by Marion Nestle
Jul 13 2010

Whatever happened to the FTC’s nutrition standards for food marketing?

I keep hearing rumors that food industry opposition is what is holding up release of the FTC’s position paper on nutrition standards for marketing foods to kids.

I titled my previous post on this report “Standards for marketing foods to kids: tentative, proposed, weak,” because I thought they left far too much wiggle room for companies to market products that I would not exactly call health foods.

Now, Melanie Warner points out that even so, the proposed standards will exclude a great many highly profitable food products.  Hence: food company opposition.

Susan Linn of the Campaign for a Commercial-Free Childhood quotes an executive of the food industry’s Children’s Food and Beverage Advertising Initiative: “There are very few products, period, that meet these standards, whether they’re primarily consumed by adults or children.”

The food industry has consistently opposed giving the FTC more authority over marketing of foods and supplements.  Here is another reason why this agency needs it.

Update, July 24: The missing FTC report is front-page news!  William Neuman is on the front page of the New York Times with a detailed account of the Federal Trade Commission’s lack of action on food company advertising practices.  The FTC standards were expected last week but nobody seems to know when, if ever, they will be released.

Update, July 30: Here is Colbert’s take on the delaying of FTC standards.

Comments

[...] This post was mentioned on Twitter by nyusteinhardt. nyusteinhardt said: Whatever happened to the FTC’s nutrition standards for food marketing? http://ff.im/-nCcSx [...]

Marion, thanks for posting this. In April, the Food Marketing Workgroup asked the FTC publish the draft standards in the Federal Register so that advocates, researchers, industry, and other interested
parties can comment on them. We need strong, science-based marketing standards for food marketed to kids — and a robust *public* conversation about them, which we can’t have until the draft is published.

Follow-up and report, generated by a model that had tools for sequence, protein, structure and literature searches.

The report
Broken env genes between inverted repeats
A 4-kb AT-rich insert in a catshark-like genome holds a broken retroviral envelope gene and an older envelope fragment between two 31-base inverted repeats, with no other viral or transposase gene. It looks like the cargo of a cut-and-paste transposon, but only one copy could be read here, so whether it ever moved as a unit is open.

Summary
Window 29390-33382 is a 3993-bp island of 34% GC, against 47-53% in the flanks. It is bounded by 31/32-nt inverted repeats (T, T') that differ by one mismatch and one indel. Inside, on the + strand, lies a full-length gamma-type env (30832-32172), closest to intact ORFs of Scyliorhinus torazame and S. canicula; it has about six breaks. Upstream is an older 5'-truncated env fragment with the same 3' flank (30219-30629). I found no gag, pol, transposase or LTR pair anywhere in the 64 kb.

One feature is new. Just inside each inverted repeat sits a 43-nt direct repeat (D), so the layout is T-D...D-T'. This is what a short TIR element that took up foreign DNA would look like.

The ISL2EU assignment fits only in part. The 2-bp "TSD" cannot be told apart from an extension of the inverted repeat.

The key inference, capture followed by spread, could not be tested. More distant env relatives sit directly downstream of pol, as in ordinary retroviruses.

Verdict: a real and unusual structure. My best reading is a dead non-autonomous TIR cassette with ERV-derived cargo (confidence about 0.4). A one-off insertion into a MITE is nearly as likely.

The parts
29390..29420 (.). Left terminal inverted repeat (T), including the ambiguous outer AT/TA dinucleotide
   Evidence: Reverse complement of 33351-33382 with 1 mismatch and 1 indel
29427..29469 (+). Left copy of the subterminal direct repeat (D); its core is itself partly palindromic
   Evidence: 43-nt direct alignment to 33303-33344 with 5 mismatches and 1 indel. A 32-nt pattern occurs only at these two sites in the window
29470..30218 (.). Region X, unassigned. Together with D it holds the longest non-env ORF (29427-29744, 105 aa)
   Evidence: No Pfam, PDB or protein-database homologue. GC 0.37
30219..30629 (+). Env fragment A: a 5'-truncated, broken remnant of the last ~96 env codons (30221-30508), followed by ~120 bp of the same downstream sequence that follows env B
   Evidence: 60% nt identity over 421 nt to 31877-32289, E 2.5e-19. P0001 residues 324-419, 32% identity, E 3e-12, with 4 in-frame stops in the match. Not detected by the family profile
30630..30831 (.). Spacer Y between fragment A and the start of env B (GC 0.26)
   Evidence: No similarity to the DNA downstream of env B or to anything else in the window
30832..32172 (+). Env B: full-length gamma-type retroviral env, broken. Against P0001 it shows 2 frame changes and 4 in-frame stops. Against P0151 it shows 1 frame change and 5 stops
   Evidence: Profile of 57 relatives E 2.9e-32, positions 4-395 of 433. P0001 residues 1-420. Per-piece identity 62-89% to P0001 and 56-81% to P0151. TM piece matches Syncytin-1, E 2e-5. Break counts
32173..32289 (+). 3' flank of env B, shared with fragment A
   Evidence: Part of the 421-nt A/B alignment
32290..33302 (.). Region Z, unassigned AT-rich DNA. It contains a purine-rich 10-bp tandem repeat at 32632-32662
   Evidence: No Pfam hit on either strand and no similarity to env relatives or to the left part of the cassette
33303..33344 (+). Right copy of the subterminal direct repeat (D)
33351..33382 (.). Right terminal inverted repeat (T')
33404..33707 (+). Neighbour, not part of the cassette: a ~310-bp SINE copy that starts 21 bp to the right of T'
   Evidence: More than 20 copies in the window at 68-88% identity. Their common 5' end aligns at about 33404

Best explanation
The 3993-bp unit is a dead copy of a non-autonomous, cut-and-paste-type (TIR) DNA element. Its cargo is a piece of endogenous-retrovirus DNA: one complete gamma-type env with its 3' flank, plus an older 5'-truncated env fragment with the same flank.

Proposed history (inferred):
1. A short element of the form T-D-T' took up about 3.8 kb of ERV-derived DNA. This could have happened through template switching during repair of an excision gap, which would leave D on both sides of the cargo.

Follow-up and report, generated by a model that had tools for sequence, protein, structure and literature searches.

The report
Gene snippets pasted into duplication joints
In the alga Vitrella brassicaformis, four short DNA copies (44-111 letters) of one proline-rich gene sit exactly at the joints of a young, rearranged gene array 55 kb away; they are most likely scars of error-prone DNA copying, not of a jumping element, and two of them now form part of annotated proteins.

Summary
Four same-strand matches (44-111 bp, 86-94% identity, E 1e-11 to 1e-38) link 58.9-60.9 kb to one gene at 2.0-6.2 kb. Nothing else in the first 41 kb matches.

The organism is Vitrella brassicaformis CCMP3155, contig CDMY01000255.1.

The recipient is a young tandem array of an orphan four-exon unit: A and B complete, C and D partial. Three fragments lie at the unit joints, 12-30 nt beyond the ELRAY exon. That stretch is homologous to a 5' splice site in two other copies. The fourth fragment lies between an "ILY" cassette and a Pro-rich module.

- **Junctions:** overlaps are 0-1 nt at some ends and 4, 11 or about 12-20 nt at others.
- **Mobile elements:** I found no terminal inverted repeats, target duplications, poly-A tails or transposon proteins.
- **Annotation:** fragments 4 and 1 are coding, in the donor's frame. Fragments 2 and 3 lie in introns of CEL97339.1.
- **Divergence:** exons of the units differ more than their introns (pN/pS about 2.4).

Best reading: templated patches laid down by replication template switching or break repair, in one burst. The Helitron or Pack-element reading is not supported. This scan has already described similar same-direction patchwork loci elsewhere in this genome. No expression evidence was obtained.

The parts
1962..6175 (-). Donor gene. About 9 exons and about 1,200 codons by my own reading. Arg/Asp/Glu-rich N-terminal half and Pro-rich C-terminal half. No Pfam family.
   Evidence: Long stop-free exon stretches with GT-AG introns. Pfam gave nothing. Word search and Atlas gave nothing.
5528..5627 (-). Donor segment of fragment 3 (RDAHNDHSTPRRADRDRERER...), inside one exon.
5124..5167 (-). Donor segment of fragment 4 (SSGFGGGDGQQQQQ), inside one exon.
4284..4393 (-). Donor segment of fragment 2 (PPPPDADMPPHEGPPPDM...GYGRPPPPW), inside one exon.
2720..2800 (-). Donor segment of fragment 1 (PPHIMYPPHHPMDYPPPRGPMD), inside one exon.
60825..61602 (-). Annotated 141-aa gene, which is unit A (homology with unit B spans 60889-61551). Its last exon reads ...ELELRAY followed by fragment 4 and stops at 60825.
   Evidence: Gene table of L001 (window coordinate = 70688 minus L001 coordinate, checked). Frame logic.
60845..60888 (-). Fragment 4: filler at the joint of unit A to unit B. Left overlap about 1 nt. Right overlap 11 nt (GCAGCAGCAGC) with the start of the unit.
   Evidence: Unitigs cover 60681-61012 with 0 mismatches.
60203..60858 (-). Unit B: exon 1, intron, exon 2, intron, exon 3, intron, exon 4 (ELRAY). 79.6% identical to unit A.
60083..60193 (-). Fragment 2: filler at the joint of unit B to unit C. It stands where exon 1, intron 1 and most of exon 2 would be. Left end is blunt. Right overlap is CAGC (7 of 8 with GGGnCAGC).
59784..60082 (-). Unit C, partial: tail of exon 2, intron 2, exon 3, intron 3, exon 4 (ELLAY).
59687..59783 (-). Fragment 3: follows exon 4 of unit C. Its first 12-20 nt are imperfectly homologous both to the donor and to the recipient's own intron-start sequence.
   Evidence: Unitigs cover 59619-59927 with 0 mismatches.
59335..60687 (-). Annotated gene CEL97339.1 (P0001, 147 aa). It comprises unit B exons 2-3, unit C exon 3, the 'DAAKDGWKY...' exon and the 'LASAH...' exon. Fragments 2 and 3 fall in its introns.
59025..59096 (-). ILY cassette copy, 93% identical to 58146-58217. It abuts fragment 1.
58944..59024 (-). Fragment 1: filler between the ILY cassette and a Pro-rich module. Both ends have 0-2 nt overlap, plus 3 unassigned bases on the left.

[...] in Business, Daily life, Food, Government, Law, Obama administration at 9:18 am by LeisureGuy Marion Nestle: I keep hearing rumors that food industry opposition is what is holding up release of the FTC’s [...]

  • Marina
  • July 15, 2010
  • 11:46 am

Hi Marion,

I am a communication professional working to help spread the word about a grass-roots campaign aimed at educating the public about an important mislabeling issue with Choice, Ocean Spray’s sweetened dried cranberry product. Choice is marketed as a healthy food product even though it is mostly sugar—according to Ocean Spray’s own product literature, sugar contents can go as high as 80%.

On November 19, 2009, the National Consumer League filed a petition with the FDA requesting that the FDA investigate the misleading labeling with Choice – here’s the link http://www.nclnet.org/newsroom/press-releases/178-consumer-watchdog-to-fda-mislabeled-food-products-a-bad-choice-for-consumers . This action went unnoticed by Ocean Spray, which continues to market the Choice product, now in select national retailers, as a wholesome cranberry product.

With our educational campaign, http://www.scamberry.org, we are hoping to educate the public about this mislabeling issue and influence Ocean Spray to re-label their product.

We thank you for your support in spreading the word:

You can find us:
Online at http://www.scamberry.org
Twitter: http://www.twitter.com/scamberry
Facebook: http://www.facebook.com/pages/Scamberry/132542676770549?v=photos#!/pages/Scamberry/132542676770549?ref=ts

Yours,
Marina

[...] déjenme preguntar una vez más: ¿dónde está el largamente esperado informe de la FTC sobre las normas de nutrición en la [...]

[...] called "weak." But even this step proved too much for industry. Then we waited for the next round. And waited. (During this time, I attended meetings with FTC's Mary Engle, who took pains to explain that [...]

[...] The FTC is now 12 months late for the public comment period (which was making news even in July) and 6 months late for the report to Congress. What gives? (Hint: Food industry foot-dragging.) [...]

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